Where I Get to Go to a Grown-up Gig

I don’t get out much. Outside entertainment is just not in my budget plus I like my home. I prefer to cook my real foods at home and I like to read and write so when I go out it’s a big deal. I took myself to see the local live theater production of “The Rocky Horror Picture Show” for my birthday last October. Haven’t had so much fun in ages, came home smiling and singing the Time Warp song and SO wanted to learn the choreographed version. Why, yes, I do love musical theater.

Last August the hubster won tickets to a Hot Tuna CONCERT, a name you might recognize if you love blues/bluegrass music, guitars, or are a person of age. They’ve been playing music together for more than fifty years. So, yeah. Hot Tuna is one of his favorite bands and I was up for the adventure. Summer time, a cruise across the city to an intimate venue, an acoustic set. Perfect.

Then the concert was canceled. Hubster went ballistic. He doesn’t get out much either. I did my research and found out the wife of the bass guitarist, Jack Casady, was dying of cancer. The band took her home to help her die at home. Musicians are people too. I hope they loved her well and truly while she had her last days here with them. When I told the hubster, he lost all his steam. We are people of age. It could happen to us. It did happen: we were sad for Jack and his family even though they are complete strangers.

The CONCERT was rescheduled! The venue confirmed they’d honor the comp tickets we’d won. We were on. Except it’s February. It’s cold, it’s dark. It rains in February. The concert is general seating.

We arrive half an hour before the doors open so we can get a good seat. We notice the line around the block before we even turn the corner where the theater is. The universe is with us, however, and we find a parking spot quickly and easily just a block from the theater. Walking down the line to find our place at the end is like walking past a Gray Pride Parade, all the canes and walkers in the way.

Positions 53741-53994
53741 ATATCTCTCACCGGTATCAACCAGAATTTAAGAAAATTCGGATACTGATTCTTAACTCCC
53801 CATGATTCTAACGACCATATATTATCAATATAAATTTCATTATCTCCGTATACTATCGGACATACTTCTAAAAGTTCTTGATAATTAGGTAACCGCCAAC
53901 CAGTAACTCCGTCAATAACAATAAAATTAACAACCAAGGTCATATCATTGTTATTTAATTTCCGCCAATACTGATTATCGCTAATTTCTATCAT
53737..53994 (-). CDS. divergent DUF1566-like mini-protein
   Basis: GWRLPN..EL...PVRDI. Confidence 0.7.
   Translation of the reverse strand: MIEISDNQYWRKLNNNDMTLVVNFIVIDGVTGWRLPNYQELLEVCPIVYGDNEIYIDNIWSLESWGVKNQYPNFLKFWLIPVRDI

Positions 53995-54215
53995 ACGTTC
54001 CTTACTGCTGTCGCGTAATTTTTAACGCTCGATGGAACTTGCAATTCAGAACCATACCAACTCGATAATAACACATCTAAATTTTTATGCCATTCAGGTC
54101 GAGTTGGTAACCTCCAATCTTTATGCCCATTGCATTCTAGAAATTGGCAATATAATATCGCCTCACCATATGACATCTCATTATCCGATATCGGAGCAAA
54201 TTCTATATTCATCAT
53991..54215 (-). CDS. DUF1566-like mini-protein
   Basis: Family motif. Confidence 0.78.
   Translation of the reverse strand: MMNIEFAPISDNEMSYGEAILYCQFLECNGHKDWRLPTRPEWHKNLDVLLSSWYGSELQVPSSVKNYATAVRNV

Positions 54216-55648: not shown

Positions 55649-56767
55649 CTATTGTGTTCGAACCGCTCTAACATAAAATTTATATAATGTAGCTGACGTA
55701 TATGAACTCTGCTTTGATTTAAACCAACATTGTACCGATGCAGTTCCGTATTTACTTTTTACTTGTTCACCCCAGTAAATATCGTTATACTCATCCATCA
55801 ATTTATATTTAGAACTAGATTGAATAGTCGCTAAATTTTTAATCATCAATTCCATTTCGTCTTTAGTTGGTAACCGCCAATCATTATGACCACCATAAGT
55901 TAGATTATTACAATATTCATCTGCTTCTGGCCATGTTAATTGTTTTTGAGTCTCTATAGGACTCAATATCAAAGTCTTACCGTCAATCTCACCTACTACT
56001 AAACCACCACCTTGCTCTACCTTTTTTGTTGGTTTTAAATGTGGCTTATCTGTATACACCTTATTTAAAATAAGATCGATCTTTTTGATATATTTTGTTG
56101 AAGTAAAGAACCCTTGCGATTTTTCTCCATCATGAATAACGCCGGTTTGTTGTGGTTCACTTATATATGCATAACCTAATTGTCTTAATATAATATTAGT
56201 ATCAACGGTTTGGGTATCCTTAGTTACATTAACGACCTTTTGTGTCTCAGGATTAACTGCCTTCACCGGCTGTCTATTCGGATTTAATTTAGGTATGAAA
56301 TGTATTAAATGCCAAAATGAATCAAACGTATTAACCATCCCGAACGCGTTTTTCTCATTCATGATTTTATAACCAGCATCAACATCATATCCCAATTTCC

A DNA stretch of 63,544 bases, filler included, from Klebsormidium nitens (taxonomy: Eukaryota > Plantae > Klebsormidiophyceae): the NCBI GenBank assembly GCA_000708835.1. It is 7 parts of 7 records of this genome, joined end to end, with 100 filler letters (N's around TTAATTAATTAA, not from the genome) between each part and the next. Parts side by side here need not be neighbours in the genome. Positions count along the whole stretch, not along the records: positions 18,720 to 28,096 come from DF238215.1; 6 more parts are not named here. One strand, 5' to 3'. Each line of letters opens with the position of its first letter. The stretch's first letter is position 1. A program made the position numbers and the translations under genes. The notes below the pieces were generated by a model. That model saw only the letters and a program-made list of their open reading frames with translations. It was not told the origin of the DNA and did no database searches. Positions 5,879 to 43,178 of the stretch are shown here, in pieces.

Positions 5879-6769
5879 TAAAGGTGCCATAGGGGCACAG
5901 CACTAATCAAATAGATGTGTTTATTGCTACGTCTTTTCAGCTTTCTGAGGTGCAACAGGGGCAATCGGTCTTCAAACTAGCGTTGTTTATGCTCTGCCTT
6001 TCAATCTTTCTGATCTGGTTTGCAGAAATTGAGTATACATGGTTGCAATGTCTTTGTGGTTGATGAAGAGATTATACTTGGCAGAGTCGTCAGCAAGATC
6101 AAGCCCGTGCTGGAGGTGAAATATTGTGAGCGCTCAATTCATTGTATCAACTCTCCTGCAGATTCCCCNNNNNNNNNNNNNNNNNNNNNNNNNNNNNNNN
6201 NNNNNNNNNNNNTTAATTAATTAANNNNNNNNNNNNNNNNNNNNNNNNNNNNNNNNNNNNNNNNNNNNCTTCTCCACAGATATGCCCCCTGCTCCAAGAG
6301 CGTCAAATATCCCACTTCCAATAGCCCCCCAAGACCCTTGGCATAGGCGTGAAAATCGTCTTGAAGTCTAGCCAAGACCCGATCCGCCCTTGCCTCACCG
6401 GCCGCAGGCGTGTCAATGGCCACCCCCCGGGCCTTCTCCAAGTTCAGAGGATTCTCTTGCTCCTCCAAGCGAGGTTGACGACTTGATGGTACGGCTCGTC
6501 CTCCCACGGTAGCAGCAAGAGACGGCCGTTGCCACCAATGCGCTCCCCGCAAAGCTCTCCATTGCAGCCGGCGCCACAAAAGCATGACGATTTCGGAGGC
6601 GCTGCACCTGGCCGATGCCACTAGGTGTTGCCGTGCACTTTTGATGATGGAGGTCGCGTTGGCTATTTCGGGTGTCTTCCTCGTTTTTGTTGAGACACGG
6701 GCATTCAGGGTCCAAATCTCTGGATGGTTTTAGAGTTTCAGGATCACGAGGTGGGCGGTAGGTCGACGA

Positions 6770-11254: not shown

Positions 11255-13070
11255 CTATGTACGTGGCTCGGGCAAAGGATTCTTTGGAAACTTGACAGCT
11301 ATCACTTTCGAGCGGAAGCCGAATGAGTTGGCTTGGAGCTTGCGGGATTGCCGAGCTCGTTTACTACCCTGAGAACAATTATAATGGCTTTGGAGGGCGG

We only wait half an hour. It’s dark, not too cold, SOOO grateful it’s not raining, but the ticket holder line snakes down the sidewalk which parallels a main arterial and a bus line that runs every seven minutes with the drivers pulling up thinking all these people are getting on the bus. But no. The hubster’s knees are locked in place from standing for that long, for me it’s the lower back. Practically the whole line hobbles stiffly into the theater doors when they open.

Inside it’s a sea of fifty shades of gray hair. More ponytails on men than I’ve seen together in one room for more than twenty years. It’s been at least that long since I went to a music concert. Every face looks familiar. Weren’t we all at this same concert just forty years ago? Except now we all have less hair and more wrinkles. And more canes. And more pain.

And the MUSIC. Oh, what music. The sound guy didn’t quite have it right, a little too much treble here and a little too much bass there and that I can tell you that means a lot because I don’t hear the sounds so well. Never did. Worse now. Hubster is very picky acoustically and he said I was right. So really the acoustics were great.

Then the sound guy needed to be fired (I was going to say shot, but you can’t even say that in jest these days, and really I would not want him dead, but he proved he shouldn’t do the job). My eyes still hurt. Because of the lights.

But the MUSIC. Oh, the music! Three men with white hair sitting in three chairs playing acoustic blues and bluegrass old-timey rocking MUSIC on beautiful guitars. You could tell how much fun they were having PLAYING music together. Two little third-generation hippie chickies were dancing by the wall up by the stage. AWESOME.

I’ve forgotten what concerts were like. This one was peaceful, all were happy to be there. But the seats in the house were built in the 1920s, built for people who ate real food and worked hard and rarely had a speck of extra flesh on them. No matter how you sat or how your neighbor sat in the chairs you couldn’t help but touch. Me? I don’t like touching strangers so much. And between the musk oil and the patchouli, the body odor and bad breath of all the people around me, I nearly had a nose bleed.

BUT in the end, it was all about the MUSIC, music to soothe my soul and help me remember the sharing that can take place with music. And to enjoy what happens when all the harmonics converge despite or because of asteroid fever. Maybe I should get out more.

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